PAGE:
The objective of meteorological normalisation of air quality measurements is to extract anthropogenic signals by removing meteorologically driven fluctuations in the collected data. We found that standard normalisation procedures involving regression of air quality on local meteorological data can be improved by incorporating information on four-day back trajectories of the sampled air masses. A case study of tropospheric ozone data revealed that the most efficient normalisation was achieved by including selected trajectory coordinates directly in multivariate regression models. Summarising the trajectories into clusters or sector values prior to the normalisation indicated that there was a slight loss of information.

  • 12.
    Libiseller, Claudia
    et al.
    Linköping University, Department of Mathematics, Statistics. Linköping University, The Institute of Technology.
    Grimvall, Anders
    Linköping University, Department of Mathematics, Statistics. Linköping University, The Institute of Technology.
    Waldén, Jari
    Finnish Meteorological Institute, Helsinki, Finland.
    Saari, Helena
    Finnish Meteorological Institute, Helsinki, Finland.
    Meteorological normalisation and non-parametric smoothing for quality assessment and trend analysis of tropospheric ozone data2005In: Environmental Monitoring & Assessment, ISSN 0167-6369, E-ISSN 1573-2959, Vol. 100, no 1-3, p. 33-52Article in journal (Refereed)
    Abstract [en]

    Despite extensive efforts to ensure that sampling and installation and maintenance of instruments are as efficient as possible when monitoring air pollution data, there is still an indisputable need for statistical post processing (quality assessment). We examined data on tropospheric ozone and found that meteorological normalisation can reveal (i) errors that have not been eliminated by established procedures for quality assurance and control of collected data, as well as (ii) inaccuracies that may have a detrimental effect on the results of statistical tests for temporal trends. Moreover, we observed that the quality assessment of collected data could be further strengthened by combining meteorological normalisation with non-parametric smoothing techniques for seasonal adjustment and detection of sudden shifts in level. Closer examination of apparent trends in tropospheric ozone records from EMEP (European Monitoring and Evaluation Programme) sites in Finland showed that, even if potential raw data errors were taken into account, there was strong evidence of upward trends during winter and early spring.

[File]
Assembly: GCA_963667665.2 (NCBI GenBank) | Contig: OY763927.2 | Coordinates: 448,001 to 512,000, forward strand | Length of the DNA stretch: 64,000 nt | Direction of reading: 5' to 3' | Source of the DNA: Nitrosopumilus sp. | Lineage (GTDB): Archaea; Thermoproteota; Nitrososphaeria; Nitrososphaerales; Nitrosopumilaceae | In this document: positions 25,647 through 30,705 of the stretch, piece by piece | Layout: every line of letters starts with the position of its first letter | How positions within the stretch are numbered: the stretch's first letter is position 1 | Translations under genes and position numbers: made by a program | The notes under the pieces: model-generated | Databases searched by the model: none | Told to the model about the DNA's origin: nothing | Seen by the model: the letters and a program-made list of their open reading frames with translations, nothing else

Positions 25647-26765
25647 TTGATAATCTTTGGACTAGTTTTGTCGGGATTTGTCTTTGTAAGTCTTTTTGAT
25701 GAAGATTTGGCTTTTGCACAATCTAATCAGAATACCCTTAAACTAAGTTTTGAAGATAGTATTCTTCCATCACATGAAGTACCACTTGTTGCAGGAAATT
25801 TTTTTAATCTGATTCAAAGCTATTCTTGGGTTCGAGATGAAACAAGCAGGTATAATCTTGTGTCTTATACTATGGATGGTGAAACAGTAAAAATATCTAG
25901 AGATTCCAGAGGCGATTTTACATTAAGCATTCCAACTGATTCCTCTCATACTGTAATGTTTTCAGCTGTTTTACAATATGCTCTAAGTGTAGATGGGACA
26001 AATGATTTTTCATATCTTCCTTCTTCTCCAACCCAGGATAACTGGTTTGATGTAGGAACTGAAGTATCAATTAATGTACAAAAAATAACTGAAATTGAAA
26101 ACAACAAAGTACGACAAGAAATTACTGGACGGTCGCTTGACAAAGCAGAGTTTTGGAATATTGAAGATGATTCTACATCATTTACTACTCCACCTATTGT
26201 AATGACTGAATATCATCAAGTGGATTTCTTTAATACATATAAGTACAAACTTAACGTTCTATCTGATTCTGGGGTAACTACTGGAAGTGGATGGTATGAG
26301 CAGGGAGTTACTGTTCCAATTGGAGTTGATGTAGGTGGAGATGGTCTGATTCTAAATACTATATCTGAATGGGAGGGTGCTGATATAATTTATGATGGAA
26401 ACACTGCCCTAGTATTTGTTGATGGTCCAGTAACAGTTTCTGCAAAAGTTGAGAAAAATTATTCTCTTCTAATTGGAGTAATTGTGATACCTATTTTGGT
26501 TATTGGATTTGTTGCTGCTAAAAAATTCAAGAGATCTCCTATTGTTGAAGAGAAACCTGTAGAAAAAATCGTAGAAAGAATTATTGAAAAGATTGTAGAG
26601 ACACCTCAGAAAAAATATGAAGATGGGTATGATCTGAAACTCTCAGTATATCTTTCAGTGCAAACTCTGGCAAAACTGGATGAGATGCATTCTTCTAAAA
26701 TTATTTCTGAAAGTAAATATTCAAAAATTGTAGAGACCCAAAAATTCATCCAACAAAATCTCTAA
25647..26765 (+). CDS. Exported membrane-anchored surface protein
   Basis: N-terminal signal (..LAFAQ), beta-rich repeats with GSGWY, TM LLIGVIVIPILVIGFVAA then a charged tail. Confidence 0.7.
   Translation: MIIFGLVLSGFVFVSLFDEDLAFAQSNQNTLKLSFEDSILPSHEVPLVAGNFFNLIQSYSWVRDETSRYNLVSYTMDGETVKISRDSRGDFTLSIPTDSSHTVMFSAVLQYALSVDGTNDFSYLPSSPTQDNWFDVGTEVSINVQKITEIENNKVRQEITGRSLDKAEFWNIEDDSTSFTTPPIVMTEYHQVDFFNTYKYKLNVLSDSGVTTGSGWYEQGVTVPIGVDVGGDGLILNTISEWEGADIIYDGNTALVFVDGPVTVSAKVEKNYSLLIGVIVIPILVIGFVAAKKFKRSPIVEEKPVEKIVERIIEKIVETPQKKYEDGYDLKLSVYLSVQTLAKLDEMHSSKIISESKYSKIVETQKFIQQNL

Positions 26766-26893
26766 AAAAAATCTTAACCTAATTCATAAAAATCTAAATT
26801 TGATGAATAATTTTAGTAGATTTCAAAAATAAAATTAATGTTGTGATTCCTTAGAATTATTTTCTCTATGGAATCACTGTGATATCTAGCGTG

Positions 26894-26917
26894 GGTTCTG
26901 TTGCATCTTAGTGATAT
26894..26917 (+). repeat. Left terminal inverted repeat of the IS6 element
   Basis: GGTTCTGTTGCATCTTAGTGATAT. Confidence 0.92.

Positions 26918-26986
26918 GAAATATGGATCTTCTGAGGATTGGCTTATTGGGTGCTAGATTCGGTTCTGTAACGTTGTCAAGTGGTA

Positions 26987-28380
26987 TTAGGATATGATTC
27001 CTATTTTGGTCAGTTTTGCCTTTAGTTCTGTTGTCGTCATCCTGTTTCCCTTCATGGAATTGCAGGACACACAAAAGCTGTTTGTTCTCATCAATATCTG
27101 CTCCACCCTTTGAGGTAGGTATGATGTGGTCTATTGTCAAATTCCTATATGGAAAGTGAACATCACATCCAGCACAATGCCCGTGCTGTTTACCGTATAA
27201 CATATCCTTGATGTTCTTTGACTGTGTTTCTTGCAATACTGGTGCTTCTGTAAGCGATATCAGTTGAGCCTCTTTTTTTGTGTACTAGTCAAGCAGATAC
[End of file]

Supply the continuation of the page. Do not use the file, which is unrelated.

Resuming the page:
• 13.
    Libiseller, Claudia
    et al.
    Linköping University, Department of Mathematics, Statistics. Linköping University, The Institute of Technology.
    Nordgaard, Anders
    Linköping University, Department of Mathematics, Statistics. Linköping University, The Institute of Technology.
    Variance reduction for trend analysis of hydrochemical data from brackish waters2003Report (Other academic)
    Abstract [en]

    We propose one parametric and one non-parametric method for detection of monotone trends in nutrient concentrations in brackish waters. Both methods take into account that temporal variation in the quality of such waters can be strongly influenced by mixing of salt and fresh water, thus salinity is used as a classification variable in the trend analysis. With the non-parametric approach, Mann-Kendall statistics are calculated for each salinity level, and the parametric method involves the use of bootstrap estimates of the trend slope in a time series regression model. In both cases, tests for each salinity level are combined in an overall trend test.

  • 14.
    Libiseller, Claudia
    et al.
    Linköping University, Department of Mathematics, Statistics . Linköping University, Faculty of Arts and Sciences.
    Nordgaard, Anders
    Linköping University, Department of Mathematics, Statistics . Linköping University, Faculty of Arts and Sciences.
    Variance Reduction for Trend Analysis of Hydrochemical Data in Brackish Waters2002In: Environmental Communication in the Information Society: Proceedings of the 16th Conference “Informatics for Environmental Protection” Sept. 25-27, 2002, Vienna, Austria / [ed] Pillmann W., Tochtermann K, Vienna: ISEP , 2002Conference paper (Refereed)
  • 15.
    Nordgaard, Anders
    et al.
    Linköping University, Faculty of Arts and Sciences. Linköping University, Department of Mathematics, Statistics .
    Libiseller, Claudia
    Linköping University, Faculty of Arts and Sciences. Linköping University, Department of Mathematics, Statistics .
    Variance reduction for trend analysis2002In: NORDSTAT 2002, Stockholm, Sweden, 2002Conference paper (Other academic)